What Happens When You Face Out of State Criminal Charges?
The state in which the alleged crime occurred is the state that has jurisdiction to prosecute the offense. So, for example if you live in New York and you are arrested for drunk driving in California then the state of California has the right to prosecute you for that offense.
This can lead to some very real logistical problems for the defendant. The criminal process often requires the defendant to appear in court multiple times. If the defendant has been released on bail or other terms pending trial then it can be burdensome to return to the state in which the defendant is tried every time a court appearance is required.
It is important to know that you cannot simply return to your home state and ignore the charges from the other state. The states and territories of the United States are required by the U.S. Constitution to render suspects on the request of another state. This is commonly referred to as extradition.
Often, out of state residents who are arrested face misdemeanor charges such as driving while intoxicated or breach of the peace. Many states allow the defendant to hire a local attorney who can appear for the defendant in most criminal proceedings. That means that you would not have to bear the expense of traveling to the state in which the alleged misdemeanor occurred nor would you have to lose time from work in order to defend yourself.
If you choose to allow your attorney to appear for you then it is important that you find someone whom you trust and that you stay in close contact with your attorney by telephone or e-mail so that you know exactly what is happening with your case.
If you are arrested for a felony then one of the first things that will happen is a bail hearing. If the arrest happens in a state other than your home state then it is unlikely that the judge will release you on your own recognizance because you do not have strong ties to the community. Instead, you will likely be required to post bail. Bail is a kind of guarantee to the court that you will come back for further proceedings.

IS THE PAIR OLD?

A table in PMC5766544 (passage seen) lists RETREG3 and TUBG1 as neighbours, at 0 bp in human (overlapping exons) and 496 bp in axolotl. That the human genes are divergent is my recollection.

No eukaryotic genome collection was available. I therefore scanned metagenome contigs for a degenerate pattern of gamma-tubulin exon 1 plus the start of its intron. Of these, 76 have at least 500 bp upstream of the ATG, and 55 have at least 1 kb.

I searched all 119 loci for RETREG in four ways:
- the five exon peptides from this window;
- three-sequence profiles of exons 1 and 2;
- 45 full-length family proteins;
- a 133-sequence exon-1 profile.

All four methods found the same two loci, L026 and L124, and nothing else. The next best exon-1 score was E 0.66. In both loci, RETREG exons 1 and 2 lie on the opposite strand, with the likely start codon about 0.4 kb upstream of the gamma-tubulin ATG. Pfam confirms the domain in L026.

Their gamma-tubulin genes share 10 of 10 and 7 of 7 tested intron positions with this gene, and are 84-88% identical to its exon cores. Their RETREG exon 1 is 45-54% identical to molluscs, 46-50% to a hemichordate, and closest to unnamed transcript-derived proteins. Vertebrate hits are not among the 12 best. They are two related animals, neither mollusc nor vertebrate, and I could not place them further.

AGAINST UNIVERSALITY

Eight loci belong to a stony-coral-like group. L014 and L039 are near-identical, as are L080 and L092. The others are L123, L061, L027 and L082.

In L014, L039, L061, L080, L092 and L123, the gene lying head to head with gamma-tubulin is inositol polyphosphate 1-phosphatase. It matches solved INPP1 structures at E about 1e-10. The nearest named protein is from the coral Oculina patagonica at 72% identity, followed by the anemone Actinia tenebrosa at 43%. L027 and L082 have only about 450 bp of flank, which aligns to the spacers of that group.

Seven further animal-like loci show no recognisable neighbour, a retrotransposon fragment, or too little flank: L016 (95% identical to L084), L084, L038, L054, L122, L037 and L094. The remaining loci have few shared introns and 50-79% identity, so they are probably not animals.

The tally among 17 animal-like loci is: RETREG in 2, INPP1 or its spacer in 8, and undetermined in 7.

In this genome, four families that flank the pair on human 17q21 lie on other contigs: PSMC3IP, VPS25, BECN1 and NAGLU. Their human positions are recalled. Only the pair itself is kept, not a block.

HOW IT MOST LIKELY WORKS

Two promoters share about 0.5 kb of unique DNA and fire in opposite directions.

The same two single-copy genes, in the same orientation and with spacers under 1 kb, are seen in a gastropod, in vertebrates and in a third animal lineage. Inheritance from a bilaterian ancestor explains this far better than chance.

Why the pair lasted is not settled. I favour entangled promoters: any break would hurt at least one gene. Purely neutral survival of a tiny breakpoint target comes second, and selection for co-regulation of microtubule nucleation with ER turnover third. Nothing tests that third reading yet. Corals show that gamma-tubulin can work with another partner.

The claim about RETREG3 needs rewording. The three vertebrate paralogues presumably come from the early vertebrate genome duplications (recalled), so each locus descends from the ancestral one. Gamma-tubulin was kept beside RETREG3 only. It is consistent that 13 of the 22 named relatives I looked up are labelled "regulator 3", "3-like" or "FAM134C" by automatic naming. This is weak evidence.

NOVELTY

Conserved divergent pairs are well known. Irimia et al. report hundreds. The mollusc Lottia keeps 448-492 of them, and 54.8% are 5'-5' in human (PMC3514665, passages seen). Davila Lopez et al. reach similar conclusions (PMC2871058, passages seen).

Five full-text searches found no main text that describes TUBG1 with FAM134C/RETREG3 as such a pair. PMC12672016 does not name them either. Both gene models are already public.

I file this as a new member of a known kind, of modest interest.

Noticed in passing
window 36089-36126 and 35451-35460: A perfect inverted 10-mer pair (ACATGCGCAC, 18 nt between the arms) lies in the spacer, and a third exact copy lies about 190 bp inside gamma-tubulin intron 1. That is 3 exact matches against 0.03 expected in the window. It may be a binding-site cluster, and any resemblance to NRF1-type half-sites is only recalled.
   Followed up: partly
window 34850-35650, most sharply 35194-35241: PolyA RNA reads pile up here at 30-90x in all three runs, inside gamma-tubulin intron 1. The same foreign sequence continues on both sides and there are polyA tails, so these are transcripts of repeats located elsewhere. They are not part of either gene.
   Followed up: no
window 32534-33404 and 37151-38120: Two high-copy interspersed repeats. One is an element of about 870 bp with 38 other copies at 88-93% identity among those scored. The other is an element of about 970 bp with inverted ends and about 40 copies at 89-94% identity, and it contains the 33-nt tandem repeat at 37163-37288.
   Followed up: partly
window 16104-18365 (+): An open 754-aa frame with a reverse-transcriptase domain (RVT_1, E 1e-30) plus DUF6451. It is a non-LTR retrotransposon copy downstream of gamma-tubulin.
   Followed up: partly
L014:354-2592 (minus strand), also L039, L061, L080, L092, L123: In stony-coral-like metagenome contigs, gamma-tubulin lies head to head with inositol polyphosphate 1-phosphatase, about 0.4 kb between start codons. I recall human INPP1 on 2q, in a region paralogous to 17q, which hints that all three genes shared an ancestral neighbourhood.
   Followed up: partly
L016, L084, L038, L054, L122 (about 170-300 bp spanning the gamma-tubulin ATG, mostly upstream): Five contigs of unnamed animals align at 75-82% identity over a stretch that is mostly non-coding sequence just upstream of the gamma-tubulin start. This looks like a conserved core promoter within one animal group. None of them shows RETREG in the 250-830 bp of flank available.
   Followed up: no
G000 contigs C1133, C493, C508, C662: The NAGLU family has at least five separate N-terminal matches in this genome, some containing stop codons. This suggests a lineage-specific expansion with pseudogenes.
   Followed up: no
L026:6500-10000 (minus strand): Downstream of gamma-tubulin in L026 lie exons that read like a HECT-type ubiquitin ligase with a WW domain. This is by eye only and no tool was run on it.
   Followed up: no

While bail is often required for in state defendants, it is almost always required for out of state defendants. If the defendant appears in court as required then the bail is refunded. If the defendant does not appear as required then the bail is not returned to the defendant and the defendant is likely to be arrested and held in custody pending trial.
If you are convicted of a crime then in most circumstances the conviction becomes part of the public record. Therefore, your out of state conviction might follow you if future employers or other parties are interested. Thus, it is important to adhere to all of the rules in the jurisdiction in which you are charged and to work with a competent attorney for the best possible outcome.
Speak to an Experienced Criminal Defense Attorney Today
This article is intended to be helpful and informative. But even common legal matters can become complex and stressful. A qualified criminal defense lawyer can address your particular legal needs, explain the law, and represent you in court. Take the first step now and contact a local criminal defense attorney to discuss your specific legal situation.
Additional Criminal Defense Articles
- Criminal Law
- What To Do If You're Arrested
- Miranda Rights: The Who, What, Where, When and Why
- Initial Consultation With a Criminal Defense Attorney or a Public Defender
- Infraction, Misdemeanor or Felony: What is the Difference?
- Murder vs. Manslaughter
- Avoiding a Criminal Record
- Can Police Search a Car Without a Warrant?
- Expunging Criminal Records
- What to do if Police Use Excessive Force
- Sentencing Guidelines: Fair Sentences or a Denial of Trial by Jury?
- Not Guilty by Reason of Insanity
- Police Misconduct Leading to Wrongful Convictions
- How the False Testimony of Snitches Results in Wrongful Convictions
- Witness Misidentification
- Prosecutorial Misconduct Leading to Wrongful Convictions
- How Bad Lawyering Can Result in Wrongful Convictions
- Your Fifth Amendment Right Against Self-Incrimination
- Violating Probation
- Search and Seizure Laws by State
- Criminal Statutes of Limitations: Time Limits for State Charges
- Double Jeopardy
- What Is The National Sex Offender Registry?
- The Truth About Perjury
- Bail For Beginners
- When Does Discipline Become Abuse?
- Are Lie Detector Tests Admissible?
- Defense Strategies in Criminal Cases
- Probable Cause to Arrest Someone
- Resisting Arrest
- The Fruit of the Poisonous Tree Doctrine
- What Is a Defense Attorney?
- Criminal Law Basics
- When Must The Police Read Me My Miranda Rights?
- What is a Plea Bargain?
- What is expungement?
- What is Assault?
- What are my rights when charged with a crime?
- What Is Bail?
- Does an Expunged Criminal Record Still Follow You?
- If I Am Arrested, Should I Hire An Attorney?
State Criminal Defense Articles
- New Jersey
- New York
- North Carolina
- North Dakota